I’m sorry, but the majority of the code written for a mature software system centers on logging, testing, data modeling, exception handling, security hardening, performance tuning, configuration management, release management, and inter-version compatibility.  This is the inescapable bread-and-butter engineering work of taking the kernel of an idea to a robust system that can handle day-to-day usage by an army of users in a way that is not completely maddening.

This is not new.  But the frequency with which products like this crop up is increasing.  We see examples of it in such offerings as SplunkPhantom, and NiFi.  And yet the well of uncomfortable truths tells us that “you’ll never find a programming language that frees you from the burden of clarifying your ideas”.

But, fear not…  If you get yourself wrapped around the axel, Zudy has an “AppFactory” and is more than happy to “Let Zudy’s experts build your apps for you.”  Congratulations.   You just built yourself a thicket of tech debt and hired some third rate contract programmers who will hold you hostage in perpetuity.

There are two kinds of enterprises: the kind who create and manage software deliberately and wittingly, and the kind who do so accidentally and unwittingly.  Which will you be?

Rage Against The Machine

At last week’s Strata Conference the buzzword exhibiting the highest frequency count appeared to be “Explainable” as prepended to “Artificial Intelligence”.  We have collectively transcended “can we make it work?” and landed squarely in “why did it make that decision?” territory.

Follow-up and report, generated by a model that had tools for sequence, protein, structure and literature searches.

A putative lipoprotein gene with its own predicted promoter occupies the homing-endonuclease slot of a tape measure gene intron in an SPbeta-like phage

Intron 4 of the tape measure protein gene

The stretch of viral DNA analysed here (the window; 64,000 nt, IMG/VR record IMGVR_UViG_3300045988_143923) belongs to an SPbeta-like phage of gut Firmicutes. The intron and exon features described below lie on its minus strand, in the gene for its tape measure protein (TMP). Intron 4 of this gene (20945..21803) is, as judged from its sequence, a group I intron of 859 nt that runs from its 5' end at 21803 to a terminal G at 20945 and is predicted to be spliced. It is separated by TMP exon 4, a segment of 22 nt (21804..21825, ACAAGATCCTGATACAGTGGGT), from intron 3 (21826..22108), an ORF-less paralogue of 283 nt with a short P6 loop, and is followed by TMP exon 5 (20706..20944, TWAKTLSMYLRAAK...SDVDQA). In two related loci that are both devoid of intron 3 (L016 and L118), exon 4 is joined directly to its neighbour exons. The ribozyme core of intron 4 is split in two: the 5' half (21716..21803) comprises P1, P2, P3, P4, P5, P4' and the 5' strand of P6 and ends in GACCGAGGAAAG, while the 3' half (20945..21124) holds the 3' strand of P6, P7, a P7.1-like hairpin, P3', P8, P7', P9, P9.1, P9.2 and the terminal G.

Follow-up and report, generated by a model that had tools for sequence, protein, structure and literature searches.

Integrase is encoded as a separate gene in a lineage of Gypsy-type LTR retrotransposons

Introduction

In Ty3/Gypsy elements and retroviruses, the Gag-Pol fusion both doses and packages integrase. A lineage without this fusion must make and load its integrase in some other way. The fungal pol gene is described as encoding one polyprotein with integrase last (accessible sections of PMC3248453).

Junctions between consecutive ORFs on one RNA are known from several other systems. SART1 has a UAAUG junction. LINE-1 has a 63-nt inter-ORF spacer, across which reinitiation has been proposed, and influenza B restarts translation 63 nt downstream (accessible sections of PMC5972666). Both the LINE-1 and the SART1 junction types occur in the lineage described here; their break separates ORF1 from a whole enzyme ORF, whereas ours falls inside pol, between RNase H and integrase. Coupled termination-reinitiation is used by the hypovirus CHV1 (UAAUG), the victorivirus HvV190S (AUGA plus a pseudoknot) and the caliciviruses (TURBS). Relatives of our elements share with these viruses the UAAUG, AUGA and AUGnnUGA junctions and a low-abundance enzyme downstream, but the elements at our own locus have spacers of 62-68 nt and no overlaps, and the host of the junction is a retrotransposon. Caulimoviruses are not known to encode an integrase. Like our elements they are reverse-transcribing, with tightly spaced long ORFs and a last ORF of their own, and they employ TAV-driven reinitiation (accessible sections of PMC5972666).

In highly regulated industries the government applies a strong back pressure on non-explainable algorithmic decisions.  This serves as a check against runaway and impenetrable automation of decision making.  Yet clearly not all AI-driven industries that can exert an enormous impact on our lives find themselves subject to such controlling forces.  And from one country to another the degree of regulation for a given industry can vary greatly.

The UAE’s Daman gave an interesting talk on how they applied Natural Language Processing techniques to non-textual data in the healthcare claims adjudication space.  The strategy appeared to enjoy substantial and measurable success.  What creeped me out, though, was their seeming heavy reliance on customer complaints to act as the corrective force on falsely flagging claims as invalid.  The presenter offered the opinion that if a customer did not fight a claim rejection then the claim was probably invalid or unimportant anyway.

This feels like data scientists engaging in cost externalization to customers who exist in a fairly disadvantaged position and who must now fight back against a maddeningly opaque decision engine.  This appeared especially so in the case of Daman who apparently controls 80% of the health care market in the UAE (cited by one of the presenters as a reason why this particular data set was super cool to work on).

What force would stop such a company from taking the next logical step in profit optimization?  Auto-tune the rejection of valid claims to the sweet spot where statistically customers don’t fight it because getting their due does not justify the cost.

There has been much talk of how we must not allow the “Kill Decision” to fall into the hands of robots in warfare.  How easy it would be to make the same mistake in less sensational contexts.

Social Engineering

As an opportunistic hobby I will occasionally engineer my way into “illicit” access to my own stuff as reminder of how vulnerable I am to shenanigans.